However, I also found myself enjoying some mass produced pleasures, like the fact that you can get 20 different kinds of iced tea for under $2 at a “gourmet” gas station like Quik Trip (thought I just got black, unsweetened tea). I mean, thank you, America, this iced tea kept me awake through some long drives and was delicious to boot. So, if you ever think, “Should I visit Tulsa? Or Omaha?” the answer is emphatically,
“Yes!”

Morning, Omaha, Nebraska

Morning, Omaha, Nebraska

This tour brought to you by vats of Quik Trip Iced Tea

This tour brought to you by vats of Quik Trip Iced Tea

Main Street Sheridan, Sunday Morning

Trail Hotel

Sometimes a place strikes you. The architecture. The quality of the light. The collection of buildings that are more than the sum of their parts. Early Sunday morning in Sheridan, Wyoming my uncle (who is an accomplished photographer) and I took a walk down Main Street to capture the signs and buildings that had captured our attention and imagination throughout our days there. The morning light and sky gives the photos a dusty, timeless quality, but if you look closely you can see that this place is firmly rooted in the present: new shops selling fancy Western Wear mixed in with shuttered, empty storefronts; a renovated theatre and faded painted signs and bricks. I think that we have a tendency to fix smaller towns in our minds as places that are “removed” from the march of time. However, I think these places that make up “Main Street USA” are where our culture and economy are lived, felt and experienced on a human scale and a day-to-day level.
Rainbow Bar

Boot Liquidation

Sorry We're Closed

Western Windows

Parking in Rear

Mint Bar

Hotel Rex

There’s more Wyoming views on Flickr.

The Green Grass of Wyoming

Looking towards the Bighorns

When I was a child my mom and I would go out to Sheridan, Wyoming for two weeks a summer to visit my Aunt, Uncle and first cousins Ben and Heather. We would go in June or July, but I can’t remember the last time that we visited that the rolling, grassy hills and mesas around their house were green. By the time we arrived they were always baked a light beige with the red clay soil and rocks peeking through. It was a real treat to head out to Wyoming for a family gathering last weekend and be pleasantly surprised to see that the hills were still green, contrasting the roads and soil of red rock. I love it out on the range because I feel like these small roads stretch forever towards the horizon, the air is permeated with the smell of sage brush, and the sky is huge and expansive, giving me a sense of space, freedom and possibility. While Montana holds the official title, I would say with confidence, that Wyoming is also big sky country.

Out for a Walk

Trailer Tableau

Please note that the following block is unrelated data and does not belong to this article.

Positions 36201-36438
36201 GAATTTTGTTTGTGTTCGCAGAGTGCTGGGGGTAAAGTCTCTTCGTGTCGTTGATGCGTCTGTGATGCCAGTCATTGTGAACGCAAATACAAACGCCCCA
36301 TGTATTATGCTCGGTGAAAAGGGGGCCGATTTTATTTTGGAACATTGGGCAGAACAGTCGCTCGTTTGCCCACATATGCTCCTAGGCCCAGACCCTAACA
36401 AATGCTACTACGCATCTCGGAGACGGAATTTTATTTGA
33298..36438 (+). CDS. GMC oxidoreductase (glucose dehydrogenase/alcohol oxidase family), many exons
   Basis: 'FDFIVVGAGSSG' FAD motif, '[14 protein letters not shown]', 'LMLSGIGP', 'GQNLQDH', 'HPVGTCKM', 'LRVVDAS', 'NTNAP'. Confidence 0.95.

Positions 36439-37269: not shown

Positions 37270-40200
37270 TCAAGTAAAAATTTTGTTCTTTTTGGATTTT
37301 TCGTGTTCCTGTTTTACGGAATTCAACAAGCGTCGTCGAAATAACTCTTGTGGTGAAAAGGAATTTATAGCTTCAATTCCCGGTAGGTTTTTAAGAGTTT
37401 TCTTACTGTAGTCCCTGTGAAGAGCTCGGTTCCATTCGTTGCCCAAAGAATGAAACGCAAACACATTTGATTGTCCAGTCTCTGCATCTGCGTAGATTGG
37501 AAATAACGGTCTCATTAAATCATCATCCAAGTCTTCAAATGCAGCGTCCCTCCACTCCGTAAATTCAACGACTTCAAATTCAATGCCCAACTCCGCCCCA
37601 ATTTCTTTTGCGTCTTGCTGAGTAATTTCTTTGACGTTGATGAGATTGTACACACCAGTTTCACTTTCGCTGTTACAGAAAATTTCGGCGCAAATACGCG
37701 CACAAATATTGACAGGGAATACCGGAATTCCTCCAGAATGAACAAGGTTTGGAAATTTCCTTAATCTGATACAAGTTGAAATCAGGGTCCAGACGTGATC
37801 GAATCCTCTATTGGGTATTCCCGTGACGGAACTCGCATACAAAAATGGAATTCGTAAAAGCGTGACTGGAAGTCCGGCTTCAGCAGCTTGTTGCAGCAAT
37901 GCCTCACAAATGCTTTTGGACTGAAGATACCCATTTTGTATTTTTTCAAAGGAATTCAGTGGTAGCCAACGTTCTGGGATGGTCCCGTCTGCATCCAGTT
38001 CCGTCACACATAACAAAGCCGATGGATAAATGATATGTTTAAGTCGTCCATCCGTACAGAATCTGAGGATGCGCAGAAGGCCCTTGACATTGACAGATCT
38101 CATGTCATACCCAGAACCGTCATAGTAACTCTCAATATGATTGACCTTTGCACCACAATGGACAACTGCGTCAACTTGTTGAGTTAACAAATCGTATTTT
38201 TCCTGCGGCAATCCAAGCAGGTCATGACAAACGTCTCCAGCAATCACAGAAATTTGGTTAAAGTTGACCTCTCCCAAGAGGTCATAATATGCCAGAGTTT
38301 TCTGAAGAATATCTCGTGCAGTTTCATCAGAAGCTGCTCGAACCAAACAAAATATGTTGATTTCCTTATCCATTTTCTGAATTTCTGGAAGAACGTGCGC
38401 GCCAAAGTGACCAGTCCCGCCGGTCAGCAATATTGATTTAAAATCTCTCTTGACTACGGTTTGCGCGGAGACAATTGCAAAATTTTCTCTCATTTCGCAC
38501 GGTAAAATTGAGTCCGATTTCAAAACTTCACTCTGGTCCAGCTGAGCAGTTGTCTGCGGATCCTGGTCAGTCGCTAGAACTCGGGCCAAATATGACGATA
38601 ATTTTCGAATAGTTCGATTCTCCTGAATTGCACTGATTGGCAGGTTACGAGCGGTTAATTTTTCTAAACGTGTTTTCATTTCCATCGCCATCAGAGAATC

Sunflowers on the range

Mama and Foal

There’s more photos on Flickr.

The “Other Portland” Reconsidered

Dinner view

My early life is a tale of two Portlands. I grew up in and around the city of Portland, Maine. It is a small city of about 60,000 people about two hours north of Boston that features century-old brick buildings, wharves, narrow cobblestone streets, and handsome Victorian houses. Growing up there it had a vibe of being cultured, yet sleepy. There were bohemian feeling cafes, concerts and a good, but small art museum. In the early 1990s I saw “Alternative” bands of the era like Dinosaur Jr. and Belly play at a mid-sized theatre. It was relatively safe and very walkable. All in all, it was a great place to grow up.

Hover, in my mid-teens I fell in love with the “other” Portland (in New England speak), the much larger Portland, Oregon that came into its own in the 1990s as a hotbed of alternative culture and is now the reigning city of hipsterism (besides, perhaps, my current home town of Brooklyn). When I moved to Portland in 2000 I had to explain to people that I was, actually from the “other” Portland (that would be Maine, in Oregon and most everywhere else, speak).  Confusing!

Portland, Maine!

I always felt like Portland, Maine had great potential to be a hotbed for creativity. It’s not terribly expensive to live there, there’s old industrial space that could be available for artists and creative people, there’s an art school and a large public university an a cultural infrastructure in place to support creative people. Did I mention the restaurants are excellent? I always felt vaguely frustrated and let down by Portland, Maine in the 1990s. While places like Olympia, Washington were becoming focal points of DIY culture making Portland seemed to not quite be able to have it together. Bands from Portland rarely toured and when they did seemed to only make it as far as Boston. People barely expressed an interest in touring bands. The local art scene was dominated by cutesy crafts and lighthouse art. Until now.

Back for post-workshop, pre-pizza party cocktails

Cocktails at Eventide Oyster Company

In the early 2000s a few businesses helped usher in what seems to be a new wave for creative people in Portland, Maine. Ferdinand started selling letterpress goods, silkscreen t-shirts and vintage finds. Space Gallery started bringing in shows by cutting edge contemporary artist and hosting emerging and established touring indie rock bands. Geno’s rock club moved up from a scuzzy (but beloved) dive bar to a sprawling new space (it used to be a porn theater back in the day, but hey…), the Nickelodeon Cinema started showing indie as well as second run mainstream films downtown for cheap, and Z Fabrics started selling beautiful, contemporary cool cloth. These places helped breath life into Portland independent culture stalwarts, like Bullmoose Music and helped re-invigorate a tradition like the First Friday Arts Walk.

Serious hipster coffee comes to Portland, Maine

Coffee at Tandem